Geo Week News

August 27, 2013

FARO gunning for 3D forensics market


2nd Annual 3D Documentation Conference slated for Oct. 16-18 at Disney resort

FARO Technologies, Inc. on Tuesday announced the dates for its 2nd Annual 3D Documentation Conference. And, if the event’s lineup of speakers and workshops is any indication, the portable measurement and imaging solutions firm is aiming for bigger business from the forensics market.

The Lake Mary, Fla.-based publicly traded company (NASDAQ: FARO) said the conference takes place at the Walt Disney World Dolphin Resort in Orlando, Fla., Oct.-16-18. Highlights of the networking event include keynotes from industry experts, an exhibition area for 3D imaging technology providers, and the premier of a new FARO product.

(Or, maybe it will be a new company acquisition. Doubtful, but FARO CEO Jay Freeland did say earlier this month during a call with analysts to discuss second quarter financial results that the firm was “continuing to look aggressively at acquisition opportunities to help us broaden our portfolio, while simultaneously strengthening the offerings we provide to our customers. With close to $180 million in cash, we have substantial capacity for growth through M&A.”)

While the conference caters to professionals in several verticals, including architecture, civil engineering, facilities management, surveying, and historical preservation, among others, forensics dominates the conference agenda.

Just take a look at some of the topics discussed during keynote and workshop sessions:

  • “The Impact of the Focus 3D on Accident Reconstruction and CSI,” presented by David Dustin, president of Dustin Productions and director of the International Association of Forensic Security and Metrology (IAFSM).
  • “It Looks Great – But Will the Court Admit It?,” presented by Victoria Longfellow, principal at Longfellow Law Group.
  • “Crime Scene Scanning, A Multi-Model Approach,” presented by Eugene Liscio, owner of AI2-3D and also president of the International Association of Forensic and Security Metrology (IAFSM).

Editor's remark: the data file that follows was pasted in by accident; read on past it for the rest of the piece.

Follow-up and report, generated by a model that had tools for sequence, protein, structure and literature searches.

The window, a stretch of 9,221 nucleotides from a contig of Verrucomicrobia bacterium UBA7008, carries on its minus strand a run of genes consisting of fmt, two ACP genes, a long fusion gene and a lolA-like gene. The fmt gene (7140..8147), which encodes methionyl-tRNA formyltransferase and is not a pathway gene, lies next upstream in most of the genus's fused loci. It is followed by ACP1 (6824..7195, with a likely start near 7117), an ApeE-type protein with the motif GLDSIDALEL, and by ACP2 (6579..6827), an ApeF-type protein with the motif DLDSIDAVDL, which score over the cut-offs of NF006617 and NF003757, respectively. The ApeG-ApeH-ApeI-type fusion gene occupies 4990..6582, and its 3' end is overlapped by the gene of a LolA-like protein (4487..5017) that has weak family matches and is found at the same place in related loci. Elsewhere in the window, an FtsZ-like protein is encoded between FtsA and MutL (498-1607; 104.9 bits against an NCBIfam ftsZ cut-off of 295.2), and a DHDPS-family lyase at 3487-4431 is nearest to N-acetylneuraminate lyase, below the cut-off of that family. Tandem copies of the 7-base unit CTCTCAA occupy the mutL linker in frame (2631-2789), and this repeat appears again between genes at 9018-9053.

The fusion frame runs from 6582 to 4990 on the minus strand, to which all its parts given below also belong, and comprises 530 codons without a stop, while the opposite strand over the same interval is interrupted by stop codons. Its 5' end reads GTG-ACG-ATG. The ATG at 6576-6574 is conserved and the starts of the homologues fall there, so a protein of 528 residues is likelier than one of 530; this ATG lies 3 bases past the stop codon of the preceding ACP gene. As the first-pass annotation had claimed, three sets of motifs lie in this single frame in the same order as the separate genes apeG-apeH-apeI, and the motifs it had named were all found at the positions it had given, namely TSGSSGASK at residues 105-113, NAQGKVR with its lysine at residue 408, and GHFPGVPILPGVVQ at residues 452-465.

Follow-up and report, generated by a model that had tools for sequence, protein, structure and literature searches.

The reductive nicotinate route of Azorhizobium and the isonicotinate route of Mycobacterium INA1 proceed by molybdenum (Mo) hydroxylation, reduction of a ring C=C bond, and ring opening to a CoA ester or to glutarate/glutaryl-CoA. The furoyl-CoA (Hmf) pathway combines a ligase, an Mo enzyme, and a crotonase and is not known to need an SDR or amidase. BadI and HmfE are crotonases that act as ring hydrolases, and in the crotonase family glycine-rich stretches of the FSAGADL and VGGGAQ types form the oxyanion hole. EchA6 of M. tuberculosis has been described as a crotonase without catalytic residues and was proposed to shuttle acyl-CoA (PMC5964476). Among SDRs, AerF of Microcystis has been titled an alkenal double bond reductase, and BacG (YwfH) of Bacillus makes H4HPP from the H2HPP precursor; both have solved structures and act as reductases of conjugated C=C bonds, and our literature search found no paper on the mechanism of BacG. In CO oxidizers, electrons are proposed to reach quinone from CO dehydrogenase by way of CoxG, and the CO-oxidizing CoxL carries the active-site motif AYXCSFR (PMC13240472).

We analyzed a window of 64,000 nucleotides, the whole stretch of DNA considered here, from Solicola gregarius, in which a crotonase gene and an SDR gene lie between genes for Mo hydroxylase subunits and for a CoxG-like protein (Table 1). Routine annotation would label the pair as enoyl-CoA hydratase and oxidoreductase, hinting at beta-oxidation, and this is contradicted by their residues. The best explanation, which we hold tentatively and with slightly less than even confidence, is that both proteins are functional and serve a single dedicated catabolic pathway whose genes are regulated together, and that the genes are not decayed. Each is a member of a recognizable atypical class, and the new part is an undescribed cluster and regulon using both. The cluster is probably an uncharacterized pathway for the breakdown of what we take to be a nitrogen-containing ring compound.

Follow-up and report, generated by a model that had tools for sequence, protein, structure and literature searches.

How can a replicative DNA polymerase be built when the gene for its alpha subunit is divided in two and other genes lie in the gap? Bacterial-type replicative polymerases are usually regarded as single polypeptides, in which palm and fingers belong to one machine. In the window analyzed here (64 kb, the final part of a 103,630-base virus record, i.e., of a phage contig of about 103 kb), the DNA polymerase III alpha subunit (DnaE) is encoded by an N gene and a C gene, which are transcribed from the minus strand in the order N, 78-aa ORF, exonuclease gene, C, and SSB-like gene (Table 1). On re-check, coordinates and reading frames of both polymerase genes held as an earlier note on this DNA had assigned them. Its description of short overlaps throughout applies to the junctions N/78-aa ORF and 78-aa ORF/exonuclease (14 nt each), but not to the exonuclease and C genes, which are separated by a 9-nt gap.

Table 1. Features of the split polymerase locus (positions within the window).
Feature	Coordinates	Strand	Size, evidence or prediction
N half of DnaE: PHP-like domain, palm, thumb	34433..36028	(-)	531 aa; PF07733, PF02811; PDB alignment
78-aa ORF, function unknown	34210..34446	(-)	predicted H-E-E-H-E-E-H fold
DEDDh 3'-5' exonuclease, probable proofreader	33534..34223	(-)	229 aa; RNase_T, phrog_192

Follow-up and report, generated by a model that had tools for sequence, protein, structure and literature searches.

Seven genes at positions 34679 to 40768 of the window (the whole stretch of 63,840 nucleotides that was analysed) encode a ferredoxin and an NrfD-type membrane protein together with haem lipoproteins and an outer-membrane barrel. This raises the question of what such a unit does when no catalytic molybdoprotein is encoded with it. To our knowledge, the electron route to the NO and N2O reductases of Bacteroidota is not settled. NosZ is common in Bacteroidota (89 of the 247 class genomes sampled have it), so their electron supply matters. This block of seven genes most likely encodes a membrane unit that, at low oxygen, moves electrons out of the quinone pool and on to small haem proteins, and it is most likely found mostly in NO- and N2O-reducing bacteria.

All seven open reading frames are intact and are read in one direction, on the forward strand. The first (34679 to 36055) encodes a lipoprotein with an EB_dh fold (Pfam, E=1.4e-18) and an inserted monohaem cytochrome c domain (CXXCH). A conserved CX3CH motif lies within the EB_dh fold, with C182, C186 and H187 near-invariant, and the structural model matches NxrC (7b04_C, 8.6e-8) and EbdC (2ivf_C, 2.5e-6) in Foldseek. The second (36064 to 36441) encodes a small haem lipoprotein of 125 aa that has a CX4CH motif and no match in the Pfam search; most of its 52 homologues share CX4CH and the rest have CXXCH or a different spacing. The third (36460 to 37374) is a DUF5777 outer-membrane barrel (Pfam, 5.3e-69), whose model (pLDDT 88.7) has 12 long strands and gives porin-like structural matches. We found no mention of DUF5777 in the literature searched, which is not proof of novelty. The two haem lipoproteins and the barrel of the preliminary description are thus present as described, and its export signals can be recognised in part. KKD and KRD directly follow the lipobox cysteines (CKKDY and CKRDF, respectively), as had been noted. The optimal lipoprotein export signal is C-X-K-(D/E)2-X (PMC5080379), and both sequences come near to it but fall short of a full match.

• “3D Scanning Technology in Courtroom Presentations,” presented by Thomas Langley, president of Thomas Langley & Co. 
  • “Forensic Diagramming: Analyzing, Animating, & Presenting with Point Cloud Data,” presented by Derik White, co-founder and vice president of R&D at The CAD Zone.
  • “FARO 3-D Scanner Use in Major Collision Reconstruction,” presented by Dave Stopper, owner Stopper & Associates, LLC, which specializes in the investigation and reconstruction of tractor trailer, motor coach and motorcycle serious injury and fatal collisions throughout the United States and Canada, and Juanjose “JJ” Soto, president of Epic Scan.

Given the short window of time and the sensitivity of physical evidence, documenting investigations of crime and accident scenes can be a real challenge for investigators, especially those using very traditional evidence-gathering tools such as tape measures, sketches, or through single point collection using a total station.

“Providing a comprehensive snapshot of a crime scene, 3D laser scanning improves workflow efficiencies, from the collection of evidence at a scene to post-processing and courtroom presentations for forensic investigations,” FARO said in a previously published Forensics technology white paper, describing how in a typical 360° scan of an indoor scene, investigators can collect details of the scene down to the millimeter, capturing 10 million points in about 5 minutes.

“The speed and compact nature of the laser scanner allows investigators to quickly document entire environments without any subjectivity – everything can be documented in its original position,” according to the white paper. “A permanent record of the scene is captured, and accurate measurements can be calculated using various software programs designed specifically for crime scene analysis long after the crime scene is gone.”

Forensic technologies worth $17.7 bil’ in 2019

A recent report by Transparency Market Research pegs the value of the forensic technologies market at $8.3 billion in 2012, forecasts annual growth at more than 12 percent with the market worth $17.7 billion in 2019.

“We’re hearing the voice of that market much louder, while architecture and civil engineering remain strong, there is definitely a switch [to forensics],” FARO Marketing Manager Jerry Hardy, Jr., told SPAR. “The forensics industry is now really understanding the technology as a formidable way to capture data,” Hardy said.

The conference is only in its second year, but Hardy told SPAR an expanded roster of workshops and more variety to the content makes him optimistic attendance will double from last year. Hardy did not know the attendance number for last year but said 200-300 attendees “would be a huge success for the conference.”

In related news, FARO reportedly signed a 10-year lease for two-thirds of a 90,000-square-foot building in Exton, Pa., about six miles from the headquarters of 3D infrastructure software firm Bentley Systems. Hardy was unaware of the news and could not provide comment. Construction starts next month on the new building. FARO already has a presence in Kennett Square, Pa.

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